- Associated Press - Sunday, November 23, 2014

CHARLESTON, W.Va. (AP) - Bailey Hoff’s heart raced as she waited for her name to be called.

It was the end of the three-day contest for horse riders at the National Academy Championship Horse Show in Murfreesboro, Tenn., which drew in more than 700 hopeful riders from 15 states.

Their goal was to be crowned America’s best academy riders, a division that is designed for beginner horse riders who do not own their own horses. In this division competitors are judged in age-appropriate categories on their equitation, or how the riders handle their body while showing the horse.

Bailey was one of the riders who waited anxiously beside her trainer, Georgia Morrison of Meadow Dream Farm, and Rosie, the American Saddlebred horse she rode in the 9- and 10-year-old Walk and Trot Junior National Championship, for the results of the equestrian competition.

It all came down to this final moment for Bailey and other hopeful contestants who surrounded the arena, waiting to hear their names announced as the winner in their age division.

The announcers began naming the top 10 riders in Bailey’s class, which only added to her nerves.

“I was a little nervous because they did it backward,” she said.

Third place came and went. And then second.

She held her breath.

Finally, after what seemed like an eternity, the announcer said her name - Bailey had won.

The 10-year-old had worked hard for that moment, tackling several hurdles along the way including convincing her parents to let her take lessons at an early age.

“She’s always wanted to ride a horse ever since she could talk, but we always thought she was too small,” said her mother, Terra Hoff.

In addition to their safety concerns, Bailey’s parents wanted to make sure this was an activity she really wanted to participate in. So they waited a couple years before agreeing to let her take a weekly horse-riding lesson at Meadow Dream Farm.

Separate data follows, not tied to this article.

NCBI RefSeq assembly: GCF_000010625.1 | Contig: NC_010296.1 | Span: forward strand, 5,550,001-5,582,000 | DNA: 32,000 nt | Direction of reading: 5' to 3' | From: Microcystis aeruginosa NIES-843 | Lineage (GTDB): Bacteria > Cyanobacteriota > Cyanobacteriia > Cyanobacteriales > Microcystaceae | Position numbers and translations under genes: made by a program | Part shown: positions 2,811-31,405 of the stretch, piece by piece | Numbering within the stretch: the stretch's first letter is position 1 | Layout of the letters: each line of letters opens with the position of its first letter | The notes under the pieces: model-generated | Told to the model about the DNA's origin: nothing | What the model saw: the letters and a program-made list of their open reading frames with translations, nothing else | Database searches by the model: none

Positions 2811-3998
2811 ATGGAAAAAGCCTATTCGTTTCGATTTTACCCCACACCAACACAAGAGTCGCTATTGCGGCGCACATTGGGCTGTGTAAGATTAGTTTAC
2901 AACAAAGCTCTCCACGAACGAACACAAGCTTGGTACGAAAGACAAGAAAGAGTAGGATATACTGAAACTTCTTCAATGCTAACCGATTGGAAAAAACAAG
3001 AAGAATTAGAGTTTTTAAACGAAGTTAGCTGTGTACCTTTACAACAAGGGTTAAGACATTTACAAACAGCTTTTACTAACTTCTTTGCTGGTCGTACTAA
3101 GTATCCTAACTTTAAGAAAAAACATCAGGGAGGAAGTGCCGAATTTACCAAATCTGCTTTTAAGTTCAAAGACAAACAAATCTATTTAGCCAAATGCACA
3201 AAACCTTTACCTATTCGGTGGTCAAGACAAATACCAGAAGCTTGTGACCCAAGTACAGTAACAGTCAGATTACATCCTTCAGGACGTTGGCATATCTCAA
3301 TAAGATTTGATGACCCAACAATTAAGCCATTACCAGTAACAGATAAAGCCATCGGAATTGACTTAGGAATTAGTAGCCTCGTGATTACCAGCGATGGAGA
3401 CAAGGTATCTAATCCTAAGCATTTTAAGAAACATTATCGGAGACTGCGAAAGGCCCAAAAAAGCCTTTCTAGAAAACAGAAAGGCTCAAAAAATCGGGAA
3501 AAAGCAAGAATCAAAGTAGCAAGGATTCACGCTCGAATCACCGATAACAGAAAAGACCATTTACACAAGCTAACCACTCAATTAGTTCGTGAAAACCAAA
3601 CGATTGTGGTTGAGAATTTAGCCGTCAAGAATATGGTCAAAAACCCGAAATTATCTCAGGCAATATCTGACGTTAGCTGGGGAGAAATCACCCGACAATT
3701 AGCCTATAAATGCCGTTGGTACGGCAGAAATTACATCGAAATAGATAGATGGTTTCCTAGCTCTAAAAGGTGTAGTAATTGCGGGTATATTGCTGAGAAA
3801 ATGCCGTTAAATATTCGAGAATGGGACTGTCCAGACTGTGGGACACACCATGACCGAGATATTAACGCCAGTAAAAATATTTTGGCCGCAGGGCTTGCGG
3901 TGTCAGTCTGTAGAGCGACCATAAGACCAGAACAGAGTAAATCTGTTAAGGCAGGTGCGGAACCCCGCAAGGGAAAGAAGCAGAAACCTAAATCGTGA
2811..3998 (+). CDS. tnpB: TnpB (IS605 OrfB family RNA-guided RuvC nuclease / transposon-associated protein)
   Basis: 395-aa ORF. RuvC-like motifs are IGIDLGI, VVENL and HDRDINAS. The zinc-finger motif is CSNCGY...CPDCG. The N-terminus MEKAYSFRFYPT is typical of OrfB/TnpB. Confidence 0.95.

Morrison and her husband, Jimmy, own the farm in Nitro and live on-site. Their 30-stall facility offers a large lesson program to individuals with some or little experience.

She said their passion for riding and horses goes back as far as their childhood.

“My husband grew up with horses. His family owned a farm in Kentucky and he grew up riding, showing and competing. So he was kind of always into horses. I just loved horses as a child and didn’t start riding until I was about 12,” she said.

Since they began at Meadow Dream Farm, the couple has been able to train and produce several show and academy riders. She said they give nearly 100 lessons a week and compete in shows April through November.

During her first year taking lessons, Bailey trained with a different instructor until Morrison saw her ride at their annual Christmas Camp. It was then that she noticed her potential and knew with additional lessons she would excel at equestrian competitions.

“She showed a lot of natural ability,” Morrison said, adding that she encouraged her to take a couple more lessons a week to compete. “It’s been really fun to see Bailey progress as a rider.”

But Morrison said Bailey hit a rough patch after she got attached to a horse that she had practiced on all winter, Jacks. She said during this time she was doing great - she started the show season winning and had a great deal of confidence.

Shortly after, they didn’t have Jacks anymore and everything changed.

“It was kind of emotional and hard for heAn AP Member Exchange. Credit to the member is mandatoryr - you get attached to a horse, especially once you’ve shown and have been successful with it,” she said. “I was really concerned for Bailey because she really got attached and felt like she needed that one particular horse to win. She just was kind of down and didn’t have the confidence that she needed to have.”

They paired her up with Rosie, the horse she rode at the National Academy Championship Horse Show, but the two had a somewhat rocky start.

Both Morrison and Bailey’s parents were worried about her getting on a different horse when she was not confident.

“If you’re not confident when you get on then they are going to take advantage of that,” Hoff said, adding horses are very sensitive to the rider’s emotions. “It can be dangerous.”

But slowly and surely Bailey’s confidence returned just in time for competitions that gave her the push she needed.

Morrison and Terra said they are thrilled with the progress she has made and are excited to see what she can accomplish next. In addition to taking lessons and competing, Bailey is also a part of the River City Youth Ballet Ensemble and takes dance lessons as well.

“She’s had some obstacles, but she’s done very well,” Terra said. “I’m very proud. She makes straight As too.”

For more information about Meadow Dream Farm, call (304) 755-3921 or visit meadowdreamfarm.com.

___

Information from: Charleston Daily Mail, https://www.charlestondailymail.com

Copyright © 2018 The Washington Times, LLC.

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